Investor Cash Levels Jump Toward Levels Not Seen Since 9/11
Fears of a bond-market crash, a breakdown in globalization, a new crisis in the euro area?
There were a bevy of reasons for fund managers to push their cash balances to 5.8 percent of their portfolios in October, up from 5.5 percent last month, matching levels not seen since the aftermath of the Brexit vote. The share of cash hasn’t been higher than that since November 2001, shortly after the terrorist attacks in the U.S.
The amount of dry powder in portfolios is above that seen during both Europe’s sovereign-debt crisis and the U.S. debt-ceiling debacle, according to Bank of America Merrill Lynch’s monthly survey of money managers.
“This month’s cash levels indicate that investors are bearish, with fears of an EU breakup, a bond crash and Republicans winning the White House jangling nerves,” said Michael Hartnett, the bank’s chief investment strategist.
There are no shortage of risks on the investor horizon, according to market participants surveyed, with 18 percent fearful of a disorderly adjustment in the bond market.
The monthly survey solicits the views of investors with more than half a trillion dollars in cumulative assets under management.
Over the past year and a half, Hartnett has advised investors to hold more cash in their portfolios or be outright long paper money on multiple occasions.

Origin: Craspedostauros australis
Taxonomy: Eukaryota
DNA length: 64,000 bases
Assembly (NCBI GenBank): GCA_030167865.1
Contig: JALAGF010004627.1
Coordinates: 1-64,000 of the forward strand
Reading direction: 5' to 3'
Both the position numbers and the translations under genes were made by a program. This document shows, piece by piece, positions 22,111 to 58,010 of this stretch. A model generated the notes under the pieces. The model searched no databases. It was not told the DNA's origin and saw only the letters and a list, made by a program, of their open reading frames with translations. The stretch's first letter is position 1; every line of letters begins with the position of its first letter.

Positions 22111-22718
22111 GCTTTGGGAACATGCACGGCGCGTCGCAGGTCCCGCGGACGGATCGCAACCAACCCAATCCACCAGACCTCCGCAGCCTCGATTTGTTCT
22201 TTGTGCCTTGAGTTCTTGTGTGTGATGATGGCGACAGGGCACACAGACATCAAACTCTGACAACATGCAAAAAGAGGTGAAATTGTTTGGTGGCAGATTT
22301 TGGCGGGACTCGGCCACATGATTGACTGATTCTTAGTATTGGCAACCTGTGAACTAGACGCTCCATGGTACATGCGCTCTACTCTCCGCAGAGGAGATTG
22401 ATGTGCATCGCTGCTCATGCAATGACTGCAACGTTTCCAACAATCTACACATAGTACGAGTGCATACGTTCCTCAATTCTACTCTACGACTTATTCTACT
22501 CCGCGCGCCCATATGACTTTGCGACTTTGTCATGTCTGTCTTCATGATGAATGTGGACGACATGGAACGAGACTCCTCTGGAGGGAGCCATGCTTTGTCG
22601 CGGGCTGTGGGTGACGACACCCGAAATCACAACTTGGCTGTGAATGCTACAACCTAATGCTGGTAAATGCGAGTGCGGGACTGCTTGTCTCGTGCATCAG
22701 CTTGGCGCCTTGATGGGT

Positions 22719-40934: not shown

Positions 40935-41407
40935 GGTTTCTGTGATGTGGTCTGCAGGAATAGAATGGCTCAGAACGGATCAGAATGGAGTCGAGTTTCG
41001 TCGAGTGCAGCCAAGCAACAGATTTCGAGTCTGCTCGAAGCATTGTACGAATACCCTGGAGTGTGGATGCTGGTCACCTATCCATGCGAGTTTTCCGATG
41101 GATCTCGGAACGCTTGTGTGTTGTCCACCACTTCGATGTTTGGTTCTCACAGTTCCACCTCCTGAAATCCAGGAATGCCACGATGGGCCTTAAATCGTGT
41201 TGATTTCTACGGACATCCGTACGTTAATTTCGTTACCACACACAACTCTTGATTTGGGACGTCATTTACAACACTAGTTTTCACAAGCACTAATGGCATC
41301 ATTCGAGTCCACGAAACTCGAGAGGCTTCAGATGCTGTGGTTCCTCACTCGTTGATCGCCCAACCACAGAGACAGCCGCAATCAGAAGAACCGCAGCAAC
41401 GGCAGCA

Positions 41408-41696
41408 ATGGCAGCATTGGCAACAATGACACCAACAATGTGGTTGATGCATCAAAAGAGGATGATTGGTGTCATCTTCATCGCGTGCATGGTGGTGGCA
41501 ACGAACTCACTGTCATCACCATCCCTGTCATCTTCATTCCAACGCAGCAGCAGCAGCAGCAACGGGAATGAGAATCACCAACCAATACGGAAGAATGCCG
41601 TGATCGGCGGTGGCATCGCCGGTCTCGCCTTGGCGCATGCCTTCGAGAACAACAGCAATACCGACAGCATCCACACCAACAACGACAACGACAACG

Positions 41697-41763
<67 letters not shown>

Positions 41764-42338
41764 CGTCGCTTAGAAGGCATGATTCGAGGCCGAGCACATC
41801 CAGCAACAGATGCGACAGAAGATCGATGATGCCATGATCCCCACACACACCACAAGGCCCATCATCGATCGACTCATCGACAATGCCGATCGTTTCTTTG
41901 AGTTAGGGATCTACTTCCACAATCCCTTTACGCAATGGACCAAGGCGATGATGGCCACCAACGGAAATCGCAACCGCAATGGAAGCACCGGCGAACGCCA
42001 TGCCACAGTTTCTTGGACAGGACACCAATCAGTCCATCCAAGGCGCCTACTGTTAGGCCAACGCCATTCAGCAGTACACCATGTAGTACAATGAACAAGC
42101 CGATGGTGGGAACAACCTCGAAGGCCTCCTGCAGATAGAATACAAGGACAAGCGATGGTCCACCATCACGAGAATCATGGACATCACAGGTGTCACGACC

Elevated cash balances potentially sets the stage for a stock-market rally, according to the Bank of America analysts. “When average cash balance rises above 4.5 percent a contrarian buy signal is generated for equities. When the cash balance falls below 3.5 percent a contrarian sell signal is generated,” writes Hartnett’s team in Tuesday’s report.
In the three months following 9/11 and the Brexit referendum, the S&P 500 rose by 4.1 and 2.4 percent, respectively.
Merrill Lynch suggests greater clarity on U.S. and euro-area political developments, signs of corporate-earnings momentum and confidence that bond-market repricing will happen in an orderly manner would buoy global stock markets.
The survey also highlights that inflation expectations are at a 16-month high, while stagflation fears have reached their highest level since April 2013, with the latter perhaps, in part, driven by events in the U.K.
Article and media originally posted by Sid Verma and Luke Kawa at bloomberg.com